10 Y EARS A GO Congratulations to Jeremy Guttman, our Teen of the Month of October! Jeremy is an involved senior at Cincinnati Country Day School. He contributes in the planning of different Diversity Days, which help to raise awareness for different nationalities, races, religions and backgrounds. Every Thanksgiving you can find Jeremy cooking a turkey in a soup kitchen. He serves on the Hamilton County Youth Committee, which puts together a city-wide youth conference every year. He is a member of many different clubs at school, including the Black Cultural Workshop, Asian Awareness, Students Against Drunk Driving, Kids Fighting Cancer and Teens With Ideas Going Someplace. This modest, strong-willed teen is obviously involved in many different cultures, yet his own religion is also very important to him. Jeremy attends Mercaz and hopes to graduate this year. At his synagogue, Adath Israel, he is the executive vice president and head of affairs for their USY chapter. In his free time, Jeremy sings in school plays, talent shows, synagogue services, showers and car rides. – October 17, 2002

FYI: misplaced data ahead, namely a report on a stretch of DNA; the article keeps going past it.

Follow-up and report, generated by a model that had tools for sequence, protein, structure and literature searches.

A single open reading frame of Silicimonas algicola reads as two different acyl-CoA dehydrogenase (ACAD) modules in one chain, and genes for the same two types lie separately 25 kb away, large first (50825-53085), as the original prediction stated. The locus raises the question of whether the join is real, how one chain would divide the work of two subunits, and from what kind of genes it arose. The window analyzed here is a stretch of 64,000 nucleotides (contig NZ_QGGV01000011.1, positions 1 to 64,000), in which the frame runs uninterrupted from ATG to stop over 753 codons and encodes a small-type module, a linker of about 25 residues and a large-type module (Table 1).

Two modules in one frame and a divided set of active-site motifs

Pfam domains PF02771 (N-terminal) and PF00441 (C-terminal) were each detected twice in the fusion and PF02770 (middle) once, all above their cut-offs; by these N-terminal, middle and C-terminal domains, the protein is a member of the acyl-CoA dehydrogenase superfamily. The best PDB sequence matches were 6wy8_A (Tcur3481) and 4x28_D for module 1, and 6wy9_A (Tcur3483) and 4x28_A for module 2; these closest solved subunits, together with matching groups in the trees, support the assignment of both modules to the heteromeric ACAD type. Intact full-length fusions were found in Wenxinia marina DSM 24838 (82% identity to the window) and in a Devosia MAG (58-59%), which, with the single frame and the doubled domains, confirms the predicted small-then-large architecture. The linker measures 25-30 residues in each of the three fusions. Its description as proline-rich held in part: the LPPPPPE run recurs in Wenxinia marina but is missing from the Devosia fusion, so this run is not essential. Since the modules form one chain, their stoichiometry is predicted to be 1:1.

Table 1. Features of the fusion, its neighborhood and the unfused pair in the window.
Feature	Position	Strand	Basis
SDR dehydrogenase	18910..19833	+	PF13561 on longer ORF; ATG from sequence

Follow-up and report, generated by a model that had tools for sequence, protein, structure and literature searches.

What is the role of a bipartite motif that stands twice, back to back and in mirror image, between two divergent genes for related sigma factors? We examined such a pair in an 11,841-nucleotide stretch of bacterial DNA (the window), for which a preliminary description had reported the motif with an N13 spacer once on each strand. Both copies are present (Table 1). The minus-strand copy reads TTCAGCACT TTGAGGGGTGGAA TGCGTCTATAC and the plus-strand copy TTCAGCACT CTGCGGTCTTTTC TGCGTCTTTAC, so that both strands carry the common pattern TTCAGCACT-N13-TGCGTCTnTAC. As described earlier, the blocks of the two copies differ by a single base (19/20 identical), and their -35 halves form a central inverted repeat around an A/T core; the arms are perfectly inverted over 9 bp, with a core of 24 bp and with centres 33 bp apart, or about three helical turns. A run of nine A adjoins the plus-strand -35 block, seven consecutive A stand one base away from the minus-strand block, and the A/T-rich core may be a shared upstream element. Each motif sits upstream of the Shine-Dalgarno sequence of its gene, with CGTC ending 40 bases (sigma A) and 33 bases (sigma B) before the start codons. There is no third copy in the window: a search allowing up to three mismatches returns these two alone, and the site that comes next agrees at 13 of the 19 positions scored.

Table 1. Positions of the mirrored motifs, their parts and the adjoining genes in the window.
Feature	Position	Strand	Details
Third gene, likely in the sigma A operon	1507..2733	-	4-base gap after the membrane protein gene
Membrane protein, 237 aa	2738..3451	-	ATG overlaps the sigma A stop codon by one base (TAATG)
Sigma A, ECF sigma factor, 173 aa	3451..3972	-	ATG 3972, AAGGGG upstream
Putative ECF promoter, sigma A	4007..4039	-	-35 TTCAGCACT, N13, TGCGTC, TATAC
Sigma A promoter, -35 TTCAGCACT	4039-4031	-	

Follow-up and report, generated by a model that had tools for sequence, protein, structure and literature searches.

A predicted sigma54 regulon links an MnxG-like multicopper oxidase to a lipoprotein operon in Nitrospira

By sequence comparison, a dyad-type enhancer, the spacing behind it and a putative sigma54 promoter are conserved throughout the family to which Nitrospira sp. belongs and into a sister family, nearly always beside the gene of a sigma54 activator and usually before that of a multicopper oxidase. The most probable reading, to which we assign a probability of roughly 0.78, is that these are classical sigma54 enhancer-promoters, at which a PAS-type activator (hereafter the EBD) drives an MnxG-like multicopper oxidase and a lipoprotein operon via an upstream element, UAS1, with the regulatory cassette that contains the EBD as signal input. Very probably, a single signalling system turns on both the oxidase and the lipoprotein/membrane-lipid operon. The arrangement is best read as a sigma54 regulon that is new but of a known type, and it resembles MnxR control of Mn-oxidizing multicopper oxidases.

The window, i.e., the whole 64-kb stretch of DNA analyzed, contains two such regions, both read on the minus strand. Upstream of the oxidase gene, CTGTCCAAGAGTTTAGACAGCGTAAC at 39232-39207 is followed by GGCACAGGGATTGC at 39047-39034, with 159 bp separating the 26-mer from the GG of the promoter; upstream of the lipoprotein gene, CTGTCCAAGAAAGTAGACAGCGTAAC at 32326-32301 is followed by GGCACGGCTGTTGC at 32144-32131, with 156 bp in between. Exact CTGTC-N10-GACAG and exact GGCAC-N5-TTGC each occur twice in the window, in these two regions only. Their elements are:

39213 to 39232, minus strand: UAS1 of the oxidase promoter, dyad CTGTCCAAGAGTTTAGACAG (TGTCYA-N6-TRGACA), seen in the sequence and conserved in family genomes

CLASSIFIEDS • 19

THURSDAY, OCTOBER 18, 2012